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Washington Capitals left wing Alex Ovechkin (8) skates with the puck in front of Winnipeg Jets defenseman Tobias Enstrom (39) in the first period at Verizon Center on Feb. 19, 2015. (Geoff Burke/USA Today Sports)
Washington Capitals left wing Alex Ovechkin (8) skates with the puck in front of Winnipeg Jets defenseman Tobias Enstrom (39) in the first period at Verizon Center on Feb. 19, 2015. (Geoff Burke/USA Today Sports)

Revamped NHL website to track enhanced stats Add to ...

The NHL is embracing the advanced-statistics movement, but in doing so is eschewing some of the parlance fans of hockey analytics may have become familiar with.

The league will announce a partnership with SAP AG on Friday, which will revamp the statistics pages on NHL.com.

The new site will track in real time the traditional goals, assists and plus-minus numbers, but will also add 30 new “enhanced stats” that many in the sports analytics community believe are long overdue.

“It’s about time they added some things that everyone else is putting in common usage. Basically the NHL is catching up to the guys in their mother’s basement,” said Andrew Thomas, Canadian expat and co-founder of the War-on-ice.com hockey data site and a professor of applied statistics at The University of Florida.

The league and teams have at times dismissed fan analysis of publicly posted hockey data, but Thomas has seen the new stats and calls their arrival on NHL.com a validation of all the work by those basement number crunchers. “They are still cutting back from what we’ve got, condensing some of the scoring situations. But it’s still a good comprehensive collection.”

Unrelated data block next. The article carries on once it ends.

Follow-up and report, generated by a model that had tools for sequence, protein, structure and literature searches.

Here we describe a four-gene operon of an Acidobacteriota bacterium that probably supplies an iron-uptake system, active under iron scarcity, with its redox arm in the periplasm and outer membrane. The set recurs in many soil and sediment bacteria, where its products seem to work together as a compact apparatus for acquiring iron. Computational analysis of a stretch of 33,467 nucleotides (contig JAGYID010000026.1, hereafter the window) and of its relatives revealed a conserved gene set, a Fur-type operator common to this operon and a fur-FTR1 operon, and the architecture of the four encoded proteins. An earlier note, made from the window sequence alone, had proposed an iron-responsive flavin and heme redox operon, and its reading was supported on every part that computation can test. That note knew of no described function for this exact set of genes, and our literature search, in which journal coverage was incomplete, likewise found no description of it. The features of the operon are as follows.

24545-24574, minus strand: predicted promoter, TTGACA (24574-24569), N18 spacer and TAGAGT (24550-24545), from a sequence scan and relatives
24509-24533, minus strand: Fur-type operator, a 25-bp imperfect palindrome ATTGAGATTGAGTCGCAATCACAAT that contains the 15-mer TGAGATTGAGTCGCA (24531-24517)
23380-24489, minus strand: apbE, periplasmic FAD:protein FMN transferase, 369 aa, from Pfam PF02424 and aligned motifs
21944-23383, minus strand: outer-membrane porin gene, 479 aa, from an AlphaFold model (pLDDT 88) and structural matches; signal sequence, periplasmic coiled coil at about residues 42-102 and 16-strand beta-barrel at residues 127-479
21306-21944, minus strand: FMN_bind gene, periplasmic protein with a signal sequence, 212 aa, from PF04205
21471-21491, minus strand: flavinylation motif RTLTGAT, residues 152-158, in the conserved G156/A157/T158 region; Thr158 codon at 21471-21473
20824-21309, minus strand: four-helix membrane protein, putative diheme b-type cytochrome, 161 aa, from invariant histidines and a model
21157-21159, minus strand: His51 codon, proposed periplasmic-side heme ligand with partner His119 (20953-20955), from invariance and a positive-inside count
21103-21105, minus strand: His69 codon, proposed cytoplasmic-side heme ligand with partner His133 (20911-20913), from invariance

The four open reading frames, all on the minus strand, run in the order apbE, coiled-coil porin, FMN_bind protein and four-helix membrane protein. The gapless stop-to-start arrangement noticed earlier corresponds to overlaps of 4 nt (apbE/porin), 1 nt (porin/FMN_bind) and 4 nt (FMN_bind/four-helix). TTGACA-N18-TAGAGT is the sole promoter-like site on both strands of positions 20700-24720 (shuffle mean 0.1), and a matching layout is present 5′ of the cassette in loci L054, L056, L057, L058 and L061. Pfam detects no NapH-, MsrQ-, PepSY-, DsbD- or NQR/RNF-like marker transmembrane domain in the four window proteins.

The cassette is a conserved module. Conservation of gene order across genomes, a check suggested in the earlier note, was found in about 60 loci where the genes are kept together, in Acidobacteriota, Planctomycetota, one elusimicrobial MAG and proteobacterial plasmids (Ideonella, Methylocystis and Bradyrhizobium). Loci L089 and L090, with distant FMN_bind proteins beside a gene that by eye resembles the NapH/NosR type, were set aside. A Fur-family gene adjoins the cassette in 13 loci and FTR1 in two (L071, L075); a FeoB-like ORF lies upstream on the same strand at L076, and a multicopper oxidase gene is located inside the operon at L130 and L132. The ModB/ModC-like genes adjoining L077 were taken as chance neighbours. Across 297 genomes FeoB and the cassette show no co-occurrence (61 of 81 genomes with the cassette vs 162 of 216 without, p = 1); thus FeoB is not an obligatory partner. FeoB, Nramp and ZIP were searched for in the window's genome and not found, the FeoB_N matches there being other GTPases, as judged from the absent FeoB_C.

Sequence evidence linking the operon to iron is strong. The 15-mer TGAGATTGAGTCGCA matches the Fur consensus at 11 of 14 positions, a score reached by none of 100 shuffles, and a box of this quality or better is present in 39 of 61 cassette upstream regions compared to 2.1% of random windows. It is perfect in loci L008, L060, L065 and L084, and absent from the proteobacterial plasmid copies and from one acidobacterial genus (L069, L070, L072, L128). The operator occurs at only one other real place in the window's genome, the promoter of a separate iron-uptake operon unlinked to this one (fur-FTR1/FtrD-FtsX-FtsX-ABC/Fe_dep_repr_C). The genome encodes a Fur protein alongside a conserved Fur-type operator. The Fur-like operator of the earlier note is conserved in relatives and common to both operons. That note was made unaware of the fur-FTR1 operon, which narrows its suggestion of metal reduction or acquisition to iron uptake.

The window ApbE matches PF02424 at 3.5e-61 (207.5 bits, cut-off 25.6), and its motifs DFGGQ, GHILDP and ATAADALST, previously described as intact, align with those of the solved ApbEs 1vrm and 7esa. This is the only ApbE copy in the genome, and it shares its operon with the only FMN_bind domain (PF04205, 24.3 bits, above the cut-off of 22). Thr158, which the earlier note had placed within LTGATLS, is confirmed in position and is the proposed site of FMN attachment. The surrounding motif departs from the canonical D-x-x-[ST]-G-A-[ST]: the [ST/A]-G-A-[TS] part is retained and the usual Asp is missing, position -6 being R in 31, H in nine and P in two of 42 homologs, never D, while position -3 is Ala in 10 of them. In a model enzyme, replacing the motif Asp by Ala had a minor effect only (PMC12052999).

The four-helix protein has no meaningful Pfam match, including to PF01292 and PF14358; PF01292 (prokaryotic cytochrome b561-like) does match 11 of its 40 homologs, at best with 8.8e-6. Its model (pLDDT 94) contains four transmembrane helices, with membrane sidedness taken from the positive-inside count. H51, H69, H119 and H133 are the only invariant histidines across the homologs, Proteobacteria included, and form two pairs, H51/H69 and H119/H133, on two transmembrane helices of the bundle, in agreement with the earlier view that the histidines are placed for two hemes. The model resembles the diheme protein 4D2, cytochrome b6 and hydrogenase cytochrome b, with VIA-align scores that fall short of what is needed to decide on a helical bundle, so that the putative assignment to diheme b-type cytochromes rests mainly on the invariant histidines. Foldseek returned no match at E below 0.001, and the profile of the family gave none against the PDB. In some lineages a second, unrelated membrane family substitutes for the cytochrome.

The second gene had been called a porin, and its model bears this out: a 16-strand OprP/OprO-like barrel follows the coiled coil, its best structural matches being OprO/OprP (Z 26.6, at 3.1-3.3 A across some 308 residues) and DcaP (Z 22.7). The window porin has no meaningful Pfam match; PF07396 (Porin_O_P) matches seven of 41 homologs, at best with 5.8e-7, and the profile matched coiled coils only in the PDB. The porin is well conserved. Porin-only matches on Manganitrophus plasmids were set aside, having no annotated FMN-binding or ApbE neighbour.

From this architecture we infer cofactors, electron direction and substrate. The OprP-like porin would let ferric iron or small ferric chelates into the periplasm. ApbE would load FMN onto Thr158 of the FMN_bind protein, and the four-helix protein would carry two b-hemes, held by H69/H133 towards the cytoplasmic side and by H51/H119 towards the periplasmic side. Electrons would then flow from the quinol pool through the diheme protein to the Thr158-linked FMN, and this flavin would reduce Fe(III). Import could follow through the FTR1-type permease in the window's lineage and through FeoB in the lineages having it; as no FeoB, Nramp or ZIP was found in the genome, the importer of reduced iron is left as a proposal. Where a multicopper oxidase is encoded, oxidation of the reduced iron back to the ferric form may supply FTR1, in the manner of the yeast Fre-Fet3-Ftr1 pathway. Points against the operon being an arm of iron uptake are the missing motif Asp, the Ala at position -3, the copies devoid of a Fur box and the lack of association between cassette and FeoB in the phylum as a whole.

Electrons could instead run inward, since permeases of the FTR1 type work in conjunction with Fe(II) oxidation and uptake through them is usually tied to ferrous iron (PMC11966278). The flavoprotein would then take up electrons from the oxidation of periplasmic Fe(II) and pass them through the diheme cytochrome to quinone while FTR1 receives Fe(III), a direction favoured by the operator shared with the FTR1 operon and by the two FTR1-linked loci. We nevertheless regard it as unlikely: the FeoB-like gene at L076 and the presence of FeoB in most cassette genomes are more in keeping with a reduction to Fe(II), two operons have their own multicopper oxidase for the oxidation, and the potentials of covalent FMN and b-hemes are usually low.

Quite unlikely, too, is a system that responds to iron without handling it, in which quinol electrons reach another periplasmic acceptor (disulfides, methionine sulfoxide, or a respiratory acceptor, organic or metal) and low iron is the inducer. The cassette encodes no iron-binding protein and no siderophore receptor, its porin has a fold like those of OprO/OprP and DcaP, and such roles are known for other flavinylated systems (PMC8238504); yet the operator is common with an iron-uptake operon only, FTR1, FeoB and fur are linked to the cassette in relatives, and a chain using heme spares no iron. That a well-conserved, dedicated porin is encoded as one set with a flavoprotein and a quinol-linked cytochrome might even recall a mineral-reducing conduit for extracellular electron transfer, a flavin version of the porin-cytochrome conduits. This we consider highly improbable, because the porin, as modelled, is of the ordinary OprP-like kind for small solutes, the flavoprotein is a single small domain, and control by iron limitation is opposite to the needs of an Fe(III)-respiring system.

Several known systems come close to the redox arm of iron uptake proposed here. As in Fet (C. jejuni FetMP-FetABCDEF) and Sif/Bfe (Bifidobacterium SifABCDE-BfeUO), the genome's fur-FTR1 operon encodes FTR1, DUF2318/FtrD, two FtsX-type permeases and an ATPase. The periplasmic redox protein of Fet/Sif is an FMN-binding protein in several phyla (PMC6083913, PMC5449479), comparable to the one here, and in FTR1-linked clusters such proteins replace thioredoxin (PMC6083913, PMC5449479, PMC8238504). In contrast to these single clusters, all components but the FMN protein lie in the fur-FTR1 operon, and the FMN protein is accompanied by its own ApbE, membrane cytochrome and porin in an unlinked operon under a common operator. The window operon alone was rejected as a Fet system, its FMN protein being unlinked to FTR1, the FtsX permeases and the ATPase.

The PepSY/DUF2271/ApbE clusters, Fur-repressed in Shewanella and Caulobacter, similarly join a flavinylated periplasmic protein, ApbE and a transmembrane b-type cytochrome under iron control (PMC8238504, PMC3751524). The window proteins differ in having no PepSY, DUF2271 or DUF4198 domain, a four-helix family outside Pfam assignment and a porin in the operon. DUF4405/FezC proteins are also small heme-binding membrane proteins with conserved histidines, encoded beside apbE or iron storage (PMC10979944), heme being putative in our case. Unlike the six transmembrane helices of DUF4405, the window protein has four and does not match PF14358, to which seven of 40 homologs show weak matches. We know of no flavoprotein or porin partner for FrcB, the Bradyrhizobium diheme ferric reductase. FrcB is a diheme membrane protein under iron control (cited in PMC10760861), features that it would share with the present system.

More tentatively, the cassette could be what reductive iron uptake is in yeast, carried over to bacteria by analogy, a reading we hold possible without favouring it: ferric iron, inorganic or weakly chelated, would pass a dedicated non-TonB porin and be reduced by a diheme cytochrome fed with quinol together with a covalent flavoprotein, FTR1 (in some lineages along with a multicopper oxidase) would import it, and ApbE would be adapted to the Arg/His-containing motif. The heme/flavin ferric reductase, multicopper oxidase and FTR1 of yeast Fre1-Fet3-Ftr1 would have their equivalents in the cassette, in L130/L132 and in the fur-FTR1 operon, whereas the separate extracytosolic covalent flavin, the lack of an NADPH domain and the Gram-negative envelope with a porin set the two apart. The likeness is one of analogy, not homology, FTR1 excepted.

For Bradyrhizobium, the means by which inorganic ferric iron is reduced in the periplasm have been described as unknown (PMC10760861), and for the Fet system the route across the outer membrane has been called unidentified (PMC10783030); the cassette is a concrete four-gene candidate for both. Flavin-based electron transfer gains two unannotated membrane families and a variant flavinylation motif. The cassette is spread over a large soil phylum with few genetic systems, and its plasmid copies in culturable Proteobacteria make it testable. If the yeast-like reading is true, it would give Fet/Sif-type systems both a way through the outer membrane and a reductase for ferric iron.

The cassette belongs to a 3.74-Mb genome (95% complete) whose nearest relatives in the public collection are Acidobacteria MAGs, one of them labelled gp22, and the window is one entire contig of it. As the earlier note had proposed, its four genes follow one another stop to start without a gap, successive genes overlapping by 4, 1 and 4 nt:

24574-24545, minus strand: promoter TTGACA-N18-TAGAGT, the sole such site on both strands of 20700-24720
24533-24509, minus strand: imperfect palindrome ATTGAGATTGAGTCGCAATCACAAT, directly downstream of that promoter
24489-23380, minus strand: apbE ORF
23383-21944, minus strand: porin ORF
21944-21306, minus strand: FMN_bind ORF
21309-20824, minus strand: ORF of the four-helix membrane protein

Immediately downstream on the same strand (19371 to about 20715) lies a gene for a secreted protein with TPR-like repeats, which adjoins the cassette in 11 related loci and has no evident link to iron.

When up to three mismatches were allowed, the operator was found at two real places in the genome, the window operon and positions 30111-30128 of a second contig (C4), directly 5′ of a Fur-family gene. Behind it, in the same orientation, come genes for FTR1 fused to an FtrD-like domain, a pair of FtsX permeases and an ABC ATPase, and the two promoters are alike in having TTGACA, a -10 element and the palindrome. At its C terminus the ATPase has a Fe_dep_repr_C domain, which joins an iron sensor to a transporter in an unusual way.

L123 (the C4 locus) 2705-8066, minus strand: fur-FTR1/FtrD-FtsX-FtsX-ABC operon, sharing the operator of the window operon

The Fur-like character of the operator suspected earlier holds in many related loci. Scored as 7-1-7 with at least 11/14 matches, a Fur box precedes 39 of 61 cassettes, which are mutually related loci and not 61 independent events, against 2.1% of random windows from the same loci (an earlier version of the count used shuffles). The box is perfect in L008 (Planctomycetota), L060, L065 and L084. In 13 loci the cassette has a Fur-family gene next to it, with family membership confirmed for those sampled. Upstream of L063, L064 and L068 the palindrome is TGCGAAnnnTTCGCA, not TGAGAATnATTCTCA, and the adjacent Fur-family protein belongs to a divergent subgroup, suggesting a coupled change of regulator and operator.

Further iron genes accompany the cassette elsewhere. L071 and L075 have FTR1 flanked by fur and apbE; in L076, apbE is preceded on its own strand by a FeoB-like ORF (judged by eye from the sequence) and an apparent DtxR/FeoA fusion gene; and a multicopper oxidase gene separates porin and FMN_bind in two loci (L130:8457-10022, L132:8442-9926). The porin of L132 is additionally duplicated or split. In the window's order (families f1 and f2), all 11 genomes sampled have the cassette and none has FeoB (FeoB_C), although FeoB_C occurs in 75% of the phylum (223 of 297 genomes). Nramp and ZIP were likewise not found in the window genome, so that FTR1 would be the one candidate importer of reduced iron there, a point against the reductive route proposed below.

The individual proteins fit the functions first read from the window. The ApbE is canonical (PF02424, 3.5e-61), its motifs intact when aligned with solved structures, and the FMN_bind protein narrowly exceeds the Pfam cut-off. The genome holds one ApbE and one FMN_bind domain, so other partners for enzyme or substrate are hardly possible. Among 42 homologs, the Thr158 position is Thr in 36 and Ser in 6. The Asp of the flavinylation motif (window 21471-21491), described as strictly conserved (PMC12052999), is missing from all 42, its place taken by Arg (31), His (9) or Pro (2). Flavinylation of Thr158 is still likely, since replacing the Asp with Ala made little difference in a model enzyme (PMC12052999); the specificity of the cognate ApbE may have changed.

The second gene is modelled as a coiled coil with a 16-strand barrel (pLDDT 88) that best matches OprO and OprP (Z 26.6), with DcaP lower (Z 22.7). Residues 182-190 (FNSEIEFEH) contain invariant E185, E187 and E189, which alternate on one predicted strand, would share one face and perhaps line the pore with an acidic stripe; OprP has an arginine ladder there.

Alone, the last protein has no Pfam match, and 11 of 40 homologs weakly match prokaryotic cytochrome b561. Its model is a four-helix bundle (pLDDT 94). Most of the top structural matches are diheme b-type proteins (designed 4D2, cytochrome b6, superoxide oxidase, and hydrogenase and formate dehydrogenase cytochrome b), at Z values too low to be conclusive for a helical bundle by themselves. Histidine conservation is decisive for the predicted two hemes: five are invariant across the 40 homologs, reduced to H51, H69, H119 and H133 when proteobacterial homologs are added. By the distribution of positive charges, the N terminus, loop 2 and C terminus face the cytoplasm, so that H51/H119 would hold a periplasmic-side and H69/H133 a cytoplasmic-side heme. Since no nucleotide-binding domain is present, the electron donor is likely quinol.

The new stats will be broken down between shooting statistics, shooting percentages, shooting stats per time on ice and scoring stats. What stat aficionados won’t see much of are names like Corsi, or Fenwick, names of a former coach and analyst that are often used when describing possession numbers such as shot attempts and unblocked shot attempts.

The league’s new site will use these common terms only in explanatory text, preferring new abbreviations like SAT or USAT in their tables and graphs. Even PDO (named after an Edmonton Oilers fan nickname, and not an acronym) becomes SPSV per cent – which sums up a team’s even-strength goals divided by shots on goal with even-strength save percentage.

Most of the data the league will release will be variations on well known possession stats, but will also include stats on goals by time and penalties taken by time.

“For years NHL.com’s stats page was useless,” said Travis Yost, a writer for TSN’s hockey analytics team.“Even a small step like this is Herculean.”

Yost points out that while some stats can be filtered by whether the in-game score was even, behind or ahead, he questions the math on the “close” filter (which tracks when a team is within one goal of the opponent). “Those were used for so many years, but that’s actually one of the things we’ve been able to improve on.”

The updates to the NHL stats will roll out in three phases. As of Friday, some 30 new stats will be available for fans to dig into. SAP and the league will be tracking more than 50, and more will roll out over time. In the second phase, a playoff predictions site will come online and more advanced filtering of the stats should be possible. At the opening of the 2015-16 season, phase three will offer stats for every player in the NHL’s 100-year history as part the centenary celebration plans.

In the past 18 months SAP has begun managing statistics data for the NFL and NBA sites, and its HANA cloud-computing platform was used by the German national soccer team in its run-up to last year’s World Cup victory. “Sports is a business like any other, where there’s massive amounts of data that are being collected,” said Bob Elliott, managing director of SAP Canada.

Whether this new data, now that it has the league’s blessing, will make its way into head office or locker room decisions is less certain. “You’re going to get a wider adoption,” Thomas said. “There’s still going to be resistance.”

“I’m sure that there are five to seven teams doing more than we think they are, that are ahead of the curve,” Yost said. “I think there are about 10 or 13 teams that are on par with where the blogosphere was. I think there’s a bottom group that have no idea what they are doing, or don’t care.”

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